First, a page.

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A boy seaman (plural boy seamen) is a boy (male minor) who serves as seaman or is trained for such service.
In the British naval forces, where there was a need to recruit enough hands to man the vast fleet of the British Empire, extensive regulations existed concerning the selection and status of boys enlisted to keep filling the ranks.
Various specific terms were introduced for different, age- and exam-related stages in a boy's potential career:
- Apprentice - boy aged 16 to 18 trained in technical skills at the dockyard schools to become an artificer.
- Boy, as rated (after World War II known as a 'junior') - aged between 15½ and 18. On a boy's 18th birthday he automatically became rated as an ordinary seaman and was subject to the Naval Discipline Act as applicable to adult seamen.
- Boy 1st class - a boy aged 16 to 18 under training, who had previously served for between 9 months and 18 months rated as "boy 2nd class", shown sufficient proficiency in seamanship and accumulated at least one good conduct badge (the requirements varied between training ships). His rate of pay was increased on being promoted.
- Boy 2nd class - a boy aged 15 to 17 rated as such on entry to a training ship of the Royal Navy. Such entry was conditional on a boy's adequate physical height, weight and medical fitness and evidence of being of 'good character'. The boy's parents or guardians would sign a declaration that the boy would serve in the navy for a minimum period (usually 12 years).
- Boy 3rd class - a boy aged 14 to 18 who served either as a domestic (waiter, steward) aboard the port flagships or as a junior clerk or storekeeper in the ports. He would be eligible for entry to a training ship as a boy 2nd class from age 15 if he met the physical requirements. The majority of such boys were enlisted from homes in the ports and were not wholly resident on ships or in the dockyards.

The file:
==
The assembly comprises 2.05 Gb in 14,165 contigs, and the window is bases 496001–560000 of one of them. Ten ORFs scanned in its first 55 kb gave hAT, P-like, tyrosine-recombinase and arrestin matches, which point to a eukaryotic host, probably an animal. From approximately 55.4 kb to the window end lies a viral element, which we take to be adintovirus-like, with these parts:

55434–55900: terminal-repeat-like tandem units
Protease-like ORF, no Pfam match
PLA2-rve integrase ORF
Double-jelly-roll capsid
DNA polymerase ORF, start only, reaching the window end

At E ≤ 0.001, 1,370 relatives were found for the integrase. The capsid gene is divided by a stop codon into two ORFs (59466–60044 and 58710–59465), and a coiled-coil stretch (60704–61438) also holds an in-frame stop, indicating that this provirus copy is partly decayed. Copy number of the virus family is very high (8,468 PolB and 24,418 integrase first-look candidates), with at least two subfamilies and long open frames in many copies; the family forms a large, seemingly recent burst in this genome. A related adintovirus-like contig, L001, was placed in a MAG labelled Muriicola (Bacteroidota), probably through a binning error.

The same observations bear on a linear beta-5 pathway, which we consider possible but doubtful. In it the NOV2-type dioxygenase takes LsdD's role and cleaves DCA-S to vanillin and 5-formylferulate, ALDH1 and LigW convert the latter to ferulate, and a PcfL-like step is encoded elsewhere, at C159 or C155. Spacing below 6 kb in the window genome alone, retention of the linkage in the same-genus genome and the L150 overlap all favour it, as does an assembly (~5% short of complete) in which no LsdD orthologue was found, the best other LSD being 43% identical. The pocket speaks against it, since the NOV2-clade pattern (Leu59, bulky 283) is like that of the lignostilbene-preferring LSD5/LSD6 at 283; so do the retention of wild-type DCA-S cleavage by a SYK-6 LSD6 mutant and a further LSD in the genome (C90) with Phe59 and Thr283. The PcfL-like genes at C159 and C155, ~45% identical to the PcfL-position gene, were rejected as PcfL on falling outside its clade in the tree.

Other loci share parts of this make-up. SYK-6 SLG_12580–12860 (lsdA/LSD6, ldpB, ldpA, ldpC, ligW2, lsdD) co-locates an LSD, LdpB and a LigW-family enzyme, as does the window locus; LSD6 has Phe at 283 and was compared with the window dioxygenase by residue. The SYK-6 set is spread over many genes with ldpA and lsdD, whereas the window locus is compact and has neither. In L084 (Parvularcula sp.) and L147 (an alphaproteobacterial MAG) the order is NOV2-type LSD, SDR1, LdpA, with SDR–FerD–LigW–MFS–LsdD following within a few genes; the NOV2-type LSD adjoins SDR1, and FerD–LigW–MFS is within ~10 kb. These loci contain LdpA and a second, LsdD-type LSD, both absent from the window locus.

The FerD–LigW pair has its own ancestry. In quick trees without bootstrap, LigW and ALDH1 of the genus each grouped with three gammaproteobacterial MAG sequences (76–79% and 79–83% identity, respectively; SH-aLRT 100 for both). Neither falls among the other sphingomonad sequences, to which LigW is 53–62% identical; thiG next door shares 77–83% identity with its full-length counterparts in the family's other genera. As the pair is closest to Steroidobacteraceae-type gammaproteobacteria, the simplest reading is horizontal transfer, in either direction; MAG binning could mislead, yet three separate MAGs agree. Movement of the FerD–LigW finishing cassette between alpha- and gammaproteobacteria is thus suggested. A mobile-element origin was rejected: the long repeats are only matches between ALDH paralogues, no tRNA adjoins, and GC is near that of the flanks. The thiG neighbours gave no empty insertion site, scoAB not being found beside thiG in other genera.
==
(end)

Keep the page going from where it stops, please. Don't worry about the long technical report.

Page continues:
- Powder-boy was a role for younger boys to service artillery.
- Cadet - boys aged 13 to 15 enlisted to become officers and trained on a training ship reserved for such schooling; the last was HMS Britannia moored at Dartmouth.
- Midshipman - a boy aged 16 to 18 serving aboard a seagoing ship, having passed out of the cadet ship and undergoing further training before being promoted to the fully commissioned officer rank of sub-lieutenant.
Prior to the First World War, the United States Navy allowed males under the age of 18 to serve on ships who were officially referred to as "boys". In 1828 ships were allowed to have boys between 14 and 18 at the ratio of one boy for every two guns the ship carried. (i.e. a 44 gun frigate could have up to 22 boys in its crew.) Article 464 of Naval Regulations published in 1833 stated, "A recruiting officer shall enter no boy under thirteen years of age; nor any person under twenty-one years of age, without the consent of their parent or guardian". In 1883 the minimum age of enlistment was raised from 14 to 15.
In the 1880s Captain (later Rear Admiral) Stephen B. Luce established an apprentice training program in the U.S. Navy where males as young as 15 could be enlisted, with their parents' permission, and then serve an apprenticeship on training ships before being assigned to the fleet. The first six months were on a stationary training ship where the apprentices learned fundamental skills which included basic literacy, gunnery, seamanship and shipboard maintenance. The next phase of training was assignment to a cruising training ship where the apprentice was expected to complete both a winter and a summer cruise before being sent to ship in the fleet.
In 1909 Navy regulations were changed so that the minimum age for enlistment was raised to 17 with parental permission and 18 without. Recruits enlisted under age 18 served until they reached age 21 at which point they could be discharged or, if they chose, re-enlist for four years.
Luce's theory behind the apprentice training program was to provide the Navy with young sailors who were already trained and adapted to shipboard life. This was in contrast to traditional recruiting which would take any able bodied applicant and have them learn on the job. The problem with the traditional method was that many of the new "landsmen" (i.e. inexperienced sailors) were unable to adapt to Navy life or were sometimes criminals. The apprentice program, Luce hoped, would give the Navy the opportunity to make good sailors during their formative years which, in the long run, would provide better trained and more disciplined sailors in the enlisted ranks.
The apprentice program ended with the establishment of the Recruit Training Center at Naval Station Great Lakes in 1911. In the few years prior to World War I, the Navy rapidly expanded and needed new sailors in large numbers as quickly as possible. The result was the abolition of the apprentice program and the establishment of an 8 week "boot camp" which would transform civilians into sailors in a much shorter time frame.